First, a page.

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(This is the sixth in 10-part blog series on industry trends that are shaping the future of healthcare. To see a report on all ten trends click here)

Comprehensive, transparent and secure data exchange is the cornerstone of an interoperable systems framework, and the platform upon which real world information is now being captured and exchanged across the healthcare system.

In the past few years we have seen a wave of new connections based on an influx of electronic data capture and sharing amongst physicians, payers, pharmacies and researchers. The growing flexibility with which we can gather and share data is having a tremendous impact on our ability to spur research, eliminate errors, and make knowledge based judgments about individual care and population trends. E-prescribing continues to proliferate, linking physicians to pharmacies and payers. Physicians are also linking with other physicians using electronic health records (EHR), which continue to cascade through the market. Not only do we see this within local systems, such as Integrated Healthcare Delivery Networks, but also across healthcare communities including the platform sponsored by the American Medical Group Association.

Physicians and payers aren’t the only ones controlling this information exchange. Patients are taking an active role as well, participating in the gathering and sharing of information as they take on a more hands-on role in their care and research around their diseases of interest. Patients are connecting with each other to share information and resources through patient advocacy groups, and they are connecting with caregivers and web-based health information providers through the Internet -- as evidenced by the fact that 66% of U.S. adults go online to research their health conditions. We are also seeing patients connecting with physicians via remote monitoring for specialty areas, though this is an area that is still in its infancy.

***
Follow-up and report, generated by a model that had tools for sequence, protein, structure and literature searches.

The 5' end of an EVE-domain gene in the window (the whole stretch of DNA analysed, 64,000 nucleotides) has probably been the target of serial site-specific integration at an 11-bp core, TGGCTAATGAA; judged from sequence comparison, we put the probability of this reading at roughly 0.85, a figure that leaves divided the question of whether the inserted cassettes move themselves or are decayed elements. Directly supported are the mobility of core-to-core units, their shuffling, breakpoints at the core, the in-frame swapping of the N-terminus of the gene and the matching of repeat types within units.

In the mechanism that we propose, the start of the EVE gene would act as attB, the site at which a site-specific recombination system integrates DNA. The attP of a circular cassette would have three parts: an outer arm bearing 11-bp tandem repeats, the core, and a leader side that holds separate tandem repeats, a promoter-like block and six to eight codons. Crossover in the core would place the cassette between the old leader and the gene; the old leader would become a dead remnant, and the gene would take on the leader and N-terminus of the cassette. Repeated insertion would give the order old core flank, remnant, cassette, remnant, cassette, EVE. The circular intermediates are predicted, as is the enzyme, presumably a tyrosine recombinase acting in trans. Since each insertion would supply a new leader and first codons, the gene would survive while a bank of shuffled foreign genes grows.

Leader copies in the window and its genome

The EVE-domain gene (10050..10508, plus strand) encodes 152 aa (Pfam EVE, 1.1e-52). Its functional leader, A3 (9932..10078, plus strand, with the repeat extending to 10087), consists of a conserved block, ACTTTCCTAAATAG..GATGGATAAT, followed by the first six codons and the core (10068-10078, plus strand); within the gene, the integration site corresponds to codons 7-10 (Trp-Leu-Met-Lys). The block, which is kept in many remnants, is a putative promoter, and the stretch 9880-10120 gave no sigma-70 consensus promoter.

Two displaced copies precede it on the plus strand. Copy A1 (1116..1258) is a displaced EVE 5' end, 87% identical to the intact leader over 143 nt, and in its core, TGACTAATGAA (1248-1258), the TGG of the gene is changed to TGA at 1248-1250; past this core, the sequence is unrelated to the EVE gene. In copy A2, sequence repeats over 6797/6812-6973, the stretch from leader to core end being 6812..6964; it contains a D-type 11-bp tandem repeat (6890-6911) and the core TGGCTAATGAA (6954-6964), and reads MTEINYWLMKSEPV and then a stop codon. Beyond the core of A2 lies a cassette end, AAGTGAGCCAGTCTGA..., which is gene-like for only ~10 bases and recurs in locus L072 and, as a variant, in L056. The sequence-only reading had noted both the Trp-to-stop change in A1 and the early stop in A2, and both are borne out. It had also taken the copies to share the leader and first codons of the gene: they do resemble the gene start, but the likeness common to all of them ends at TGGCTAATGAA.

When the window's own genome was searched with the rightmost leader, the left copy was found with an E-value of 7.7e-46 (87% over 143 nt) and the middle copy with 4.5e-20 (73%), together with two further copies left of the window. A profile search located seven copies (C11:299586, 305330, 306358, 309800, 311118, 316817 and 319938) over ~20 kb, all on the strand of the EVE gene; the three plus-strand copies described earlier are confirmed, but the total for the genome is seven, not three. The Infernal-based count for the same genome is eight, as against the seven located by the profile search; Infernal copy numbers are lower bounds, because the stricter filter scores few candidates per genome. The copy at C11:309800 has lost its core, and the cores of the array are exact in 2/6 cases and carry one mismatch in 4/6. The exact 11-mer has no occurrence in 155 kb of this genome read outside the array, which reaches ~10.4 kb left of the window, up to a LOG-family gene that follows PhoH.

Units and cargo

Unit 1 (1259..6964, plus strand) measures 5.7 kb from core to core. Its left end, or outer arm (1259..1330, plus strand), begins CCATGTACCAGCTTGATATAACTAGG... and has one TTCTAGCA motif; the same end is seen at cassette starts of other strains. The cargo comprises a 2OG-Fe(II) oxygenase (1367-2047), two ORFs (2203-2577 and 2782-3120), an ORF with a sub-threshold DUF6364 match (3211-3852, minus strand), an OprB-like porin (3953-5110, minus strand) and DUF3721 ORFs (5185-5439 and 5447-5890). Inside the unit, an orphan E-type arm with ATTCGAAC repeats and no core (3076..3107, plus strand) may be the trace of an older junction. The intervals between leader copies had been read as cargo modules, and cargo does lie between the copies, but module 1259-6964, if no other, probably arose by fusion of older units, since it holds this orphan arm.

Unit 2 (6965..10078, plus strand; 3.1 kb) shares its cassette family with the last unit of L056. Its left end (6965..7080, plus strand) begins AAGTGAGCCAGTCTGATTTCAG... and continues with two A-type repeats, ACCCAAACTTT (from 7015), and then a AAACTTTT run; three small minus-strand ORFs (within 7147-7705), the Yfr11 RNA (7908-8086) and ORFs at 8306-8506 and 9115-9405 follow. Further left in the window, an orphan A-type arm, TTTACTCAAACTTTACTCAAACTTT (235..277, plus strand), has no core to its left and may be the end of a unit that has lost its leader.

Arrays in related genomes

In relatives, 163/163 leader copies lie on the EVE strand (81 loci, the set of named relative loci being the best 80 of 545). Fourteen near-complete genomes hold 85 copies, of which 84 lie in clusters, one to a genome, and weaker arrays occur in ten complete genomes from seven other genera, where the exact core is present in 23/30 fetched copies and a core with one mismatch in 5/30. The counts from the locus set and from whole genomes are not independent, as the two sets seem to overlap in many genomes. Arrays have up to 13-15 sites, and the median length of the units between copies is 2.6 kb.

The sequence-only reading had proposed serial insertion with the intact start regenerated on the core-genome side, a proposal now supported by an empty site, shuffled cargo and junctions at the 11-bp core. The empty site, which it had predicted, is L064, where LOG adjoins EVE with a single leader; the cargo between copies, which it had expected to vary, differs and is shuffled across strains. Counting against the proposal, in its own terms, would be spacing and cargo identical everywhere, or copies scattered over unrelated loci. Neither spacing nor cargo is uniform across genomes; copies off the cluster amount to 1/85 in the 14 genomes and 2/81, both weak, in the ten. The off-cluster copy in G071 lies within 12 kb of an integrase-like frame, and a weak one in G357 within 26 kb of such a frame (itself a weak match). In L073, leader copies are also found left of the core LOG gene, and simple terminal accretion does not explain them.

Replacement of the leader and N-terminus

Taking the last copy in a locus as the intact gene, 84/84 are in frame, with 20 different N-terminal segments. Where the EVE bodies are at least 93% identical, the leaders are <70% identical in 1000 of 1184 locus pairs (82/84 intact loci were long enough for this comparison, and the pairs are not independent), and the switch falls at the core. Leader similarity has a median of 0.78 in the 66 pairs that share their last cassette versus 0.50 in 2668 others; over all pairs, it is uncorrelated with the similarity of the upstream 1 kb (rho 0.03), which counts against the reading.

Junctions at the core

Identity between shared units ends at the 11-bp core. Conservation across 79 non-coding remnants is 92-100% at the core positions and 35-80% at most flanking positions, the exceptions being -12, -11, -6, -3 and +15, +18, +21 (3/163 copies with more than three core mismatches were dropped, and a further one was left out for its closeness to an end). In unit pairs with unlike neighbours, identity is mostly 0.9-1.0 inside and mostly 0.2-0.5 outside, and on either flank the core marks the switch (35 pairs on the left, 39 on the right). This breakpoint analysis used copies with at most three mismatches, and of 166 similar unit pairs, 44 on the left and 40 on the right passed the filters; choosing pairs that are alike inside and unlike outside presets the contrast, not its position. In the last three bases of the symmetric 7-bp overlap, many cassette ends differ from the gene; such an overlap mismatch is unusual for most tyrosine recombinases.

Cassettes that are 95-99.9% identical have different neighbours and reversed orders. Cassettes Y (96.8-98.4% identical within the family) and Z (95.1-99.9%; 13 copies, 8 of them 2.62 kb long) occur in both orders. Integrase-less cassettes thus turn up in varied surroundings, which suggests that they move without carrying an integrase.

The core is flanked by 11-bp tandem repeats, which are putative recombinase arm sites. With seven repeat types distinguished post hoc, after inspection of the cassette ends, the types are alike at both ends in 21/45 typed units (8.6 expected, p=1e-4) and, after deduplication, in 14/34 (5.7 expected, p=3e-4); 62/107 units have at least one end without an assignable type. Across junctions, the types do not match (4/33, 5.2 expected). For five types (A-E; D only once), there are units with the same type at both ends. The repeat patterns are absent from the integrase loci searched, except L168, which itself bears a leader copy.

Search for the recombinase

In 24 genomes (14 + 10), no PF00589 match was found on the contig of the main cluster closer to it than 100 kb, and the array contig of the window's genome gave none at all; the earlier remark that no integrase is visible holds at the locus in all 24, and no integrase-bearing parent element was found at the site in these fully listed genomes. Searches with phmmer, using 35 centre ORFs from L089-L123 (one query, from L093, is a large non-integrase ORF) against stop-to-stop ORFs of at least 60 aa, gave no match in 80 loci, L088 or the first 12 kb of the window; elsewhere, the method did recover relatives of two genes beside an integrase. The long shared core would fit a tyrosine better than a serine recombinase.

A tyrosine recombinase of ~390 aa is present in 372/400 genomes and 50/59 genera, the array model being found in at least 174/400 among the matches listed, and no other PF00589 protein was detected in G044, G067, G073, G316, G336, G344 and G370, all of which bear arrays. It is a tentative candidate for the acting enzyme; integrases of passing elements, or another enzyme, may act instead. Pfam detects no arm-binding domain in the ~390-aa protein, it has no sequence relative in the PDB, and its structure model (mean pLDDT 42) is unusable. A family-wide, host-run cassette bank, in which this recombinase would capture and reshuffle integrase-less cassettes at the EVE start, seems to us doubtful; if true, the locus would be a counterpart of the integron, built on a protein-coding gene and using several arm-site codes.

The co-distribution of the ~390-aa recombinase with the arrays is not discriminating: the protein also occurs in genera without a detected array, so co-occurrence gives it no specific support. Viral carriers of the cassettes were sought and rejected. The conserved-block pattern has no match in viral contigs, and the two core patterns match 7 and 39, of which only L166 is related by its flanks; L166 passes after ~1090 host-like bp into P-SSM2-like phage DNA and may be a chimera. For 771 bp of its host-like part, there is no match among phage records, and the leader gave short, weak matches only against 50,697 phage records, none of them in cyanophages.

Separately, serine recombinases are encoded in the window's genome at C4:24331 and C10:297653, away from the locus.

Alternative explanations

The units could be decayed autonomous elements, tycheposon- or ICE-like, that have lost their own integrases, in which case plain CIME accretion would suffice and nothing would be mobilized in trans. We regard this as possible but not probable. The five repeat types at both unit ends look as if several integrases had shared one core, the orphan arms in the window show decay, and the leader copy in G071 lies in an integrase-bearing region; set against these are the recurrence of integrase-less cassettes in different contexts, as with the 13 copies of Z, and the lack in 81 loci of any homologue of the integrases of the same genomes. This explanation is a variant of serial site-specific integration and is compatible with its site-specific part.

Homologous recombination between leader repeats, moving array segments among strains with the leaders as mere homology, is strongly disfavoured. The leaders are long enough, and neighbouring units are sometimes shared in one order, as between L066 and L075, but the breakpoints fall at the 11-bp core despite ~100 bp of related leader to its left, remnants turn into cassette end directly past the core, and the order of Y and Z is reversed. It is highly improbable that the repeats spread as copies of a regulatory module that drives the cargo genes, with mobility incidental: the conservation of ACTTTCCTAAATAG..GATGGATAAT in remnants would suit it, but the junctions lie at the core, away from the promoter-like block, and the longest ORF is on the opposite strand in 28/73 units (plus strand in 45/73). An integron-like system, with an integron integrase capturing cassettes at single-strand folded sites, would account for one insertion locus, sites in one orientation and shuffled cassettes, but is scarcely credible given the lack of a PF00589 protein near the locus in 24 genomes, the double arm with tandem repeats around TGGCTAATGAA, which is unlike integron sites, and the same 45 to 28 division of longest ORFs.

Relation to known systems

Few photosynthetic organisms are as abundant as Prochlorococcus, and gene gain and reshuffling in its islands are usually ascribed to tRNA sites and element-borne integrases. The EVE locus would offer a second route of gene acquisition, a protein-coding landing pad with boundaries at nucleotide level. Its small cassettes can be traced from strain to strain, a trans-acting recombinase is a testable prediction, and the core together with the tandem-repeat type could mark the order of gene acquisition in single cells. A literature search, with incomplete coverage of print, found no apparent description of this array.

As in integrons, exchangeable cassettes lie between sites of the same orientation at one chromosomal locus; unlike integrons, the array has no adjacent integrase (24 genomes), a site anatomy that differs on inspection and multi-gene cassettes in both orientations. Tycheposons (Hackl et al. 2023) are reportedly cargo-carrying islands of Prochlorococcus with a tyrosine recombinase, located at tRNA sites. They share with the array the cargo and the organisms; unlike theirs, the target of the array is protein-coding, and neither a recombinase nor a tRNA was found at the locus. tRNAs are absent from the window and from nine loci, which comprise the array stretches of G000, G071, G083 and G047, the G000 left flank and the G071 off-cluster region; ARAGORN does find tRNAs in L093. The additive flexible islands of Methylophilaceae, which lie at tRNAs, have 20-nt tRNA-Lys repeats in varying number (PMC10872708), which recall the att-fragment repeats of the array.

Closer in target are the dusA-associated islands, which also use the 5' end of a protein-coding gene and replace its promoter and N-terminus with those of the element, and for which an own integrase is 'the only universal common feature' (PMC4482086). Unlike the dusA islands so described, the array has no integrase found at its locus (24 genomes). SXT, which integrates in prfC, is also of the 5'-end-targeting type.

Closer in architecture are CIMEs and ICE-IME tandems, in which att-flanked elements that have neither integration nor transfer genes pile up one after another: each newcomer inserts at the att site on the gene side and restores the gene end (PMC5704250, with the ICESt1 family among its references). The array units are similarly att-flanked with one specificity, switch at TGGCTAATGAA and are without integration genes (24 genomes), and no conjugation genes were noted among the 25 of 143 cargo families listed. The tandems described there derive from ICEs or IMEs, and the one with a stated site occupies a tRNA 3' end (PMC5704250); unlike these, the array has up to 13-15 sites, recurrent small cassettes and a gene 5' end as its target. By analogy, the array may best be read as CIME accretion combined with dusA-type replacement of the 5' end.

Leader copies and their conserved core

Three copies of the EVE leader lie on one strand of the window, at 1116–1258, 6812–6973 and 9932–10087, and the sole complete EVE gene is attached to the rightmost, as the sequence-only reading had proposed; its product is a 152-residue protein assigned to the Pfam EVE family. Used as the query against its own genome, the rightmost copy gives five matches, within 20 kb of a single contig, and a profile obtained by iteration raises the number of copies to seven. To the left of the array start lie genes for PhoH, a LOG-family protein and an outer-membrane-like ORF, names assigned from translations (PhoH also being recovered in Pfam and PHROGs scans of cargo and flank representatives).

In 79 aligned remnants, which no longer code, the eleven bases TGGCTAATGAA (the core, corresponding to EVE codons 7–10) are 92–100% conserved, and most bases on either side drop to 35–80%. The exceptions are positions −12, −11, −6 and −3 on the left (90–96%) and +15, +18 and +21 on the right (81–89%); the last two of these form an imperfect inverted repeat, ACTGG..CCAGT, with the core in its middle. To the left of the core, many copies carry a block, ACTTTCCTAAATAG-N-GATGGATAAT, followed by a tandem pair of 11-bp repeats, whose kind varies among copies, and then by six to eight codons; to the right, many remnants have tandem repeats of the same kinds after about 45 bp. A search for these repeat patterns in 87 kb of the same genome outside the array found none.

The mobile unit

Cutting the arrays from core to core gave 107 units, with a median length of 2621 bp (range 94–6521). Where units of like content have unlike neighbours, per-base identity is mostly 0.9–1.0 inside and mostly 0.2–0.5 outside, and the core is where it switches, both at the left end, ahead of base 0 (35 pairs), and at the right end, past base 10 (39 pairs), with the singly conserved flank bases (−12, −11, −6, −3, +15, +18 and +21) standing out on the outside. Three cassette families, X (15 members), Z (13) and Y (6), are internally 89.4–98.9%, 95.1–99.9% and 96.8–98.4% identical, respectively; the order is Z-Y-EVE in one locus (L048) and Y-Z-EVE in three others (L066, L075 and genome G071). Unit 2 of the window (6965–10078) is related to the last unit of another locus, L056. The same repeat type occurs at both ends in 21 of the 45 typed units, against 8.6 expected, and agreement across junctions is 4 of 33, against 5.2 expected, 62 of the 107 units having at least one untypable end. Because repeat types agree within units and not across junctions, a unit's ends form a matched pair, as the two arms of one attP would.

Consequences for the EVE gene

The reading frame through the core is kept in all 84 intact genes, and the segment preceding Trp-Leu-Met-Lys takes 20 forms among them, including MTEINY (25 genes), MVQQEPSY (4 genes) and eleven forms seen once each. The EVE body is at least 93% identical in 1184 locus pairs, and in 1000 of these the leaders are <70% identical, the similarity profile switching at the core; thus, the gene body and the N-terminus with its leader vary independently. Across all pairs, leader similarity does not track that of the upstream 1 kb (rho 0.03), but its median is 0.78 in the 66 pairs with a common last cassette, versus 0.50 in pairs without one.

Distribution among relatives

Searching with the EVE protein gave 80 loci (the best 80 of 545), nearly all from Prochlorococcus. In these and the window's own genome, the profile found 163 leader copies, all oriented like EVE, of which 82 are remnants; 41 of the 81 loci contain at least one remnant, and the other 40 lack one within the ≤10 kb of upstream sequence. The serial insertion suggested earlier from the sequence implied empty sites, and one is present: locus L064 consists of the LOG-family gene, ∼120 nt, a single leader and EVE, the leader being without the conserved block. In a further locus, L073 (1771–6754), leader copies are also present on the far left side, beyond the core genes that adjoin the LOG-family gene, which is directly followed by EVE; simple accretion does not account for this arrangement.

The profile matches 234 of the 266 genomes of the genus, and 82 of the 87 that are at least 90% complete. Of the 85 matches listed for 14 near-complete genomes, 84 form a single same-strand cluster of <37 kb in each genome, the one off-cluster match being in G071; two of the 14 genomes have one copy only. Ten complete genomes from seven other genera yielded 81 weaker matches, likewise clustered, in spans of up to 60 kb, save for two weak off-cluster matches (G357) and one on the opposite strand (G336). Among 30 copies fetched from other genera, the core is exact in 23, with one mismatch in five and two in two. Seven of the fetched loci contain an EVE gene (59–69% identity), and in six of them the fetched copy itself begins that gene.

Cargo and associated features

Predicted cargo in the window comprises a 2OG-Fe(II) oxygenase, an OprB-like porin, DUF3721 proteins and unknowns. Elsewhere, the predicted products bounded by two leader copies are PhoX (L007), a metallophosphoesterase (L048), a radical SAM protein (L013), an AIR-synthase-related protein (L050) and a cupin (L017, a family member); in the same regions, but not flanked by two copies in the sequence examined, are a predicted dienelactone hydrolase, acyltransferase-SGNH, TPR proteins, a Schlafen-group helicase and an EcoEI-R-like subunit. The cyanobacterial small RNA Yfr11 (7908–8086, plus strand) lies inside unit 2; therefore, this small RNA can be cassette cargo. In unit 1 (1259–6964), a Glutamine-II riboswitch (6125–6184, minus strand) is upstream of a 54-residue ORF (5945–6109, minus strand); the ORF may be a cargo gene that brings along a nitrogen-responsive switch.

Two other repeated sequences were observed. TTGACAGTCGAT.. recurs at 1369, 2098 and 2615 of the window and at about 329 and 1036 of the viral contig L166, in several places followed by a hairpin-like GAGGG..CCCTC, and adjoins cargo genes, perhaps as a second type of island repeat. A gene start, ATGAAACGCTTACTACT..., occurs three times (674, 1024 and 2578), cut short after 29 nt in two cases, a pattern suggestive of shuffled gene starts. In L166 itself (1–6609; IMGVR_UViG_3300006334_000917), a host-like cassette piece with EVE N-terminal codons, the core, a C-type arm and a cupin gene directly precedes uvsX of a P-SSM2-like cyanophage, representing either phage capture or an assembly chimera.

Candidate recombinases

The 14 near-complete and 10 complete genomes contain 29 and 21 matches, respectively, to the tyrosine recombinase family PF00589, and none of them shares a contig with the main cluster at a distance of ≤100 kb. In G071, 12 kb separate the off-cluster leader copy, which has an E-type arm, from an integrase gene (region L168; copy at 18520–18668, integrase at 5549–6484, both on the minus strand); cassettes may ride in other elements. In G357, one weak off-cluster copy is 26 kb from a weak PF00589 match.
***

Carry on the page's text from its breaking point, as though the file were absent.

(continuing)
As healthcare industry stakeholders invest in the technology and process to encourage these connections we expect to see a further wave of innovative projects designed to spur better and more effective information sharing networks. The federal IT program, for example, is expanding its Blue Button connector, which lets veterans create a single file to securely store their health records online. And payers are now exploring ways to intervene at the point-of-care with real-time, real-world data in order to change the behavior of providers and patients within their system.

As these connections take hold, they won’t just open up access to information. They will have a powerful influence on decision-making, at the patient, physician and payer level. To stay ahead of this trend, biopharma leaders need to pay close attention to how these exchanges impact these decisions to ensure that shifting influence doesn’t negatively impact their business strategies.

How should biopharma respond?

Focusing first on the most acute value inflection point, e-prescribing, life science firms must accurately diagnose the market challenge. Studies have shown that physicians are more likely to prescribe generics when e-prescribing, an approach that channels both product label information and payer policy details including formulary status directly to the physician-patient in real-time at the point of care.

If business leaders in life science companies want to impact that decision chain, they have to work with payers to shape the unprecedented influence they have on prescribing by clearly demonstrating value and earning preferred consideration in this channel. One option is to surround each product with support services in order to deter generic encroachment. A product linked with a support network of valuable component services is not as readily switched as a stand-alone product.

Carrying this strategy further and playing to the consumerism theme, life science firms can tailor these support services directly with patients to enhance brand loyalty. Educational material on product benefit-risk profile, drug-to-drug interactions and drug-to-food interactions can be provided to enrich customer relationships with the brand, and to deliver comprehensive insights about products. Going beyond the product, biopharma companies will need to incorporate educational areas such as diet, exercise and health screening information (while complying with regulatory requirements not to provide medical advice) to further deepen customer relationships with the brand and to engender loyalty and trust among the user population.

As an industry, biopharma cannot control how information is shared or how that sharing affects decisions made, but they can be sure the information that is linked to their product adds value to the patient, provider and payer thus increasing the chance that their brand benefits from the virtual conversations that are now taking place.

Topics in this blog post: Biopharma, Healthcare, Population Health